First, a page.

pop·​lar ˈpä-plər How to pronounce poplar (audio)
: any of a genus (Populus) of slender catkin-bearing quick-growing deciduous trees (such as an aspen or cottonwood) of the willow family
: the wood of a poplar

Examples of poplar in a Sentence

Recent Examples on the Web Pissarro puns, in fact, on the resemblance of the smokestacks, atmospherically softened, to the poplar trees rising to their right, the made and the natural evened out by light. Adam Gopnik, The New Yorker, 25 Dec. 2023 Lots of poplar, lots of aspen, lots of black spruce, but there’s also a lot of bog in there, a lot of swamp. Chris Klimek, Smithsonian Magazine, 30 Nov. 2023 For a while, Tabet had lived on the west side of the city, which was filled with tall sycamores, poplars and maples. Annie Midori Atherton, Washington Post, 7 Nov. 2023 The valley runs alongside the Blue Ridge Mountains and Shenandoah National Park and has more than its fair share of deciduous trees, including oaks, birch, poplar, sumac, and maple. Evie Carrick, Travel + Leisure, 25 Sep. 2023 Praise the infinite, nameless tellers of tales swaying from the poplar’s limbs. Matthew Gavin Frank, Harper's Magazine, 21 Jan. 2022 Others, like lodgepoles or poplars, will have much shorter life spans, from 20 to 200 years. Camille Stevens-Rumann, The Conversation, 10 Apr. 2023 Jessica Rinaldi/Globe Staff Mary’s journey last month began when a poplar tree toppled into her enclosure during a thunderstorm, giving her an opening to escape. Globe Staff, BostonGlobe.com, 11 May 2023 The oyster and chestnuts mushrooms can be grown on soft hardwood like aspen, poplar or cottonwood. Joanne Kempinger Demski, Journal Sentinel, 13 Apr. 2023 See More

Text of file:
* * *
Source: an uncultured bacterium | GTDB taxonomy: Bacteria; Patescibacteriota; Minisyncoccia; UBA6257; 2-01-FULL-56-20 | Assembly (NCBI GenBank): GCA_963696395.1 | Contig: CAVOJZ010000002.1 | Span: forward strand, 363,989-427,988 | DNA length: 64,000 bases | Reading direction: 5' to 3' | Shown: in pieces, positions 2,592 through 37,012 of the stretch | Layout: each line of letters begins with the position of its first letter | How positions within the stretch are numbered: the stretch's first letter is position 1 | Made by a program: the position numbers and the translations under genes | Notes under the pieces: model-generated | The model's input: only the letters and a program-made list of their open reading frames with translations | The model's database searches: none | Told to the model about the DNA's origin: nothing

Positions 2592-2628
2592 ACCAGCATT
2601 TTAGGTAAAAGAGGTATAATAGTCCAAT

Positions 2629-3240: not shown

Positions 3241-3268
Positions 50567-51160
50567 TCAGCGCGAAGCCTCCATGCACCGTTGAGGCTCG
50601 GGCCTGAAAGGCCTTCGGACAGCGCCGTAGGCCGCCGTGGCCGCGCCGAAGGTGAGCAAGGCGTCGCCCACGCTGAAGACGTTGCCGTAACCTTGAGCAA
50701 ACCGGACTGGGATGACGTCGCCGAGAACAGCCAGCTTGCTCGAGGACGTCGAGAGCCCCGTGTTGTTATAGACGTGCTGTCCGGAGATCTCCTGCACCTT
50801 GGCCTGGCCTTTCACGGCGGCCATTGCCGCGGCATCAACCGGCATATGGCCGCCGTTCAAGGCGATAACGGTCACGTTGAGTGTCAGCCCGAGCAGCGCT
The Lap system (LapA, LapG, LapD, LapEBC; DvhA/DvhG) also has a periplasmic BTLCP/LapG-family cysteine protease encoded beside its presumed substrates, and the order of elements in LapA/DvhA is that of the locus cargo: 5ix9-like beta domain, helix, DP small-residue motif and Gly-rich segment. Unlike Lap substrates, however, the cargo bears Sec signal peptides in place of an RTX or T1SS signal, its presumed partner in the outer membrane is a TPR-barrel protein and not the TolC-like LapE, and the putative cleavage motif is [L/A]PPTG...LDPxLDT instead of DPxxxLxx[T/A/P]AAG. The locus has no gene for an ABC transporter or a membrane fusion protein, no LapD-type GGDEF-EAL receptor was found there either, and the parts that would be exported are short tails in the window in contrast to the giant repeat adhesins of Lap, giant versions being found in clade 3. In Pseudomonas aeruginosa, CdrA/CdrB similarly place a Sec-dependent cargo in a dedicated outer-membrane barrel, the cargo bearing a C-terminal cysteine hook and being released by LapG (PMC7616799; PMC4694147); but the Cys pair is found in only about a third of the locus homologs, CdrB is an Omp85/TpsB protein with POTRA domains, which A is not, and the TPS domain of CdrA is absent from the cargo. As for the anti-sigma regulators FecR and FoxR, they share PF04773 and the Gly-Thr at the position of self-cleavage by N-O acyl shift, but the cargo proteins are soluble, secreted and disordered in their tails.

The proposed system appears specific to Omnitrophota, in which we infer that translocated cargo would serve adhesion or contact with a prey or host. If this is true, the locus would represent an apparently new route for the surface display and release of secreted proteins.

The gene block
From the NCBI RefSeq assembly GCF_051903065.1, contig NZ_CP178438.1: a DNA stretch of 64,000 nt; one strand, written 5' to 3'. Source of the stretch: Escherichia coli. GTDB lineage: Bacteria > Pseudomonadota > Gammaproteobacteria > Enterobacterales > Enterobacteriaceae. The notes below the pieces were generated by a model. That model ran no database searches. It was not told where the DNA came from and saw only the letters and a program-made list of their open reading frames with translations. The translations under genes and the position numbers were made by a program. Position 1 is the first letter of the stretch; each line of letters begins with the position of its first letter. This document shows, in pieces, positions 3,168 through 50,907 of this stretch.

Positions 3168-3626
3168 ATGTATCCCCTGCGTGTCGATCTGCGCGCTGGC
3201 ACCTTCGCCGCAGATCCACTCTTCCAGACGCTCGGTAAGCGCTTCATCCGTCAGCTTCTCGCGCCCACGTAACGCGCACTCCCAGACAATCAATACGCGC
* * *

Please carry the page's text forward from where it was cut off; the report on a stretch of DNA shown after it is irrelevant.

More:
These examples are programmatically compiled from various online sources to illustrate current usage of the word 'poplar.' Any opinions expressed in the examples do not represent those of Merriam-Webster or its editors. Send us feedback about these examples.

Word History


Middle English popler, from Anglo-French, from Old French *pople poplar, from Latin populus

First Known Use

14th century, in the meaning defined at sense 1a

Time Traveler
The first known use of poplar was in the 14th century

Dictionary Entries Near poplar

Cite this Entry

“Poplar.” Merriam-Webster.com Dictionary, Merriam-Webster, https://www.merriam-webster.com/dictionary/poplar. Accessed 24 Feb. 2024.

Kids Definition


pop·​lar ˈpäp-lər How to pronounce poplar (audio)
: any of a genus of slender quick-growing trees (as an aspen or cottonwood) that have catkins for flowers and are related to the willows
: the wood of a poplar

Geographical Definition


geographical name

Pop·​lar ˈpä-plər How to pronounce Poplar (audio)
former metropolitan borough of eastern London, England, on the northern bank of the Thames River that is now part of the borough of Tower Hamlets

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